The SCAQMD Hearing Board Will Receive Public Testimony on the Exide Battery Recycling Plant on December 14th. That Means You.
While I sympathize with any of the good people of Irwindale that may have experienced heartburn, nosebleeds, or inflamed asthma because of a stinky Sriracha factory, I do have to wonder a bit about our priorities.
The last I checked, spicy-smelling air is neither fatal (egregrious asthma attacks aside) nor likely to induce neurological or other developmental problems in children.
Yet, a malodorous spice factory can be shut down within weeks of complaints being filed. This, despite the judge acknowledging that there was a “lack of credible evidence” that any health issues could ascribed to the odor and that the only real crime was that the odor appeared to be “extremely annoying, irritating and offensive to the senses, warranting consideration as a public nuisance.”
Meanwhile, the Exide battery recycling plant, which regularly exceeded lead emissions limits throughout 2011 (and again several times this year) and had higher-than-average arsenic emissions during 2013, remains open for business.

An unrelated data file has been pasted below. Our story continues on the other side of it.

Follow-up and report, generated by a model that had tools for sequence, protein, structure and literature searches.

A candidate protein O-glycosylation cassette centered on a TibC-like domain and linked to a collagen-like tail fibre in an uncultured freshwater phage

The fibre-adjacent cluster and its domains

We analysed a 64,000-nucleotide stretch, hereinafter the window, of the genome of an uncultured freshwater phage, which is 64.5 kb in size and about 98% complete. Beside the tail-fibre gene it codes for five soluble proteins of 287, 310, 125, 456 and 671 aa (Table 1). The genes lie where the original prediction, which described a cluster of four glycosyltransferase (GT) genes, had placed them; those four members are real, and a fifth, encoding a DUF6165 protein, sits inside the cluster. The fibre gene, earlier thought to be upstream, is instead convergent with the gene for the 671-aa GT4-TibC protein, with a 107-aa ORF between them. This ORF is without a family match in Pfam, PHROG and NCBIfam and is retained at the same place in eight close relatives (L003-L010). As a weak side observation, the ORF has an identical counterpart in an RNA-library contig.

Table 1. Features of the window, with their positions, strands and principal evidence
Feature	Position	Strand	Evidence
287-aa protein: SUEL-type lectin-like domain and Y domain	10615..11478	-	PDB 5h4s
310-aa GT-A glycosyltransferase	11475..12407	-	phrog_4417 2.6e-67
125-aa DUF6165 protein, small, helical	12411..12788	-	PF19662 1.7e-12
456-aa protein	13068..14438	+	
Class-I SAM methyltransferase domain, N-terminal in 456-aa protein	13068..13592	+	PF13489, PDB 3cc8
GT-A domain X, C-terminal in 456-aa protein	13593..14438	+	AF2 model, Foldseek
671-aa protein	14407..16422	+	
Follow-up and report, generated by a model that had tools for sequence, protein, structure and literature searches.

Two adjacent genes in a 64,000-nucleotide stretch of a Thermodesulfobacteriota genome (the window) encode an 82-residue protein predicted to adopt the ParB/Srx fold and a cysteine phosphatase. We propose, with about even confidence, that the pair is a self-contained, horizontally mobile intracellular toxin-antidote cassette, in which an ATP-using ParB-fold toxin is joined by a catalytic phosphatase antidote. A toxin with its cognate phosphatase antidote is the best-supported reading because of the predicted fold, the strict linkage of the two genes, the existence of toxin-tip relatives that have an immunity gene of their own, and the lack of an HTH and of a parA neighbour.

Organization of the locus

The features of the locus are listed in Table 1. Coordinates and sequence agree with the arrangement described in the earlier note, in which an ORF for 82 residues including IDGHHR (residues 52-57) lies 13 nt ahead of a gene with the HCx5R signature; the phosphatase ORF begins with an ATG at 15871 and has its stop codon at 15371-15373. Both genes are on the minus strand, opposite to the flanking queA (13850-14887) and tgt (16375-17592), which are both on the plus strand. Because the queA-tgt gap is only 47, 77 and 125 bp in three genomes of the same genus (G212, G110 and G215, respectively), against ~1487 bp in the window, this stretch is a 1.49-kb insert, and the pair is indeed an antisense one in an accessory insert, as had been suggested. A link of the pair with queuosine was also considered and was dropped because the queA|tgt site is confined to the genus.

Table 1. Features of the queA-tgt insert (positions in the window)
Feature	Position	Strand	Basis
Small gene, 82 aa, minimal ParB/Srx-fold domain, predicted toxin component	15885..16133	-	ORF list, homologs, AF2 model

Nevermind that a few hundred thousand people living in Boyle Heights, Maywood, and Huntington Park may have experienced heightened and prolonged exposure to dangerous toxins.
In fact, just this past June, L.A. County Superior Court Judge Luis Lavin was so unmoved by documentation of Exide’s history of emissions violations that he felt obliged to declare that the plant did not pose “an imminent and substantial” threat to the community.
His ruling was in response to Exide’s petition to resume their operations after being forced to temporarily suspend them when the South Coast Air Quality Management District (SCAQMD) was able to show that, beyond exceeding levels of hazardous emissions (including arsenic), Exide’s underground pipelines — which carry up to 310,000 gallons of contaminant-laden waste water a day — were degraded and in violation of California standards.
The corporation, Lavin said in his ruling, would be in danger of “irreparable harm” were hearings to drag on while experts quibbled over the extent to which the public was at genuine risk from plant emissions.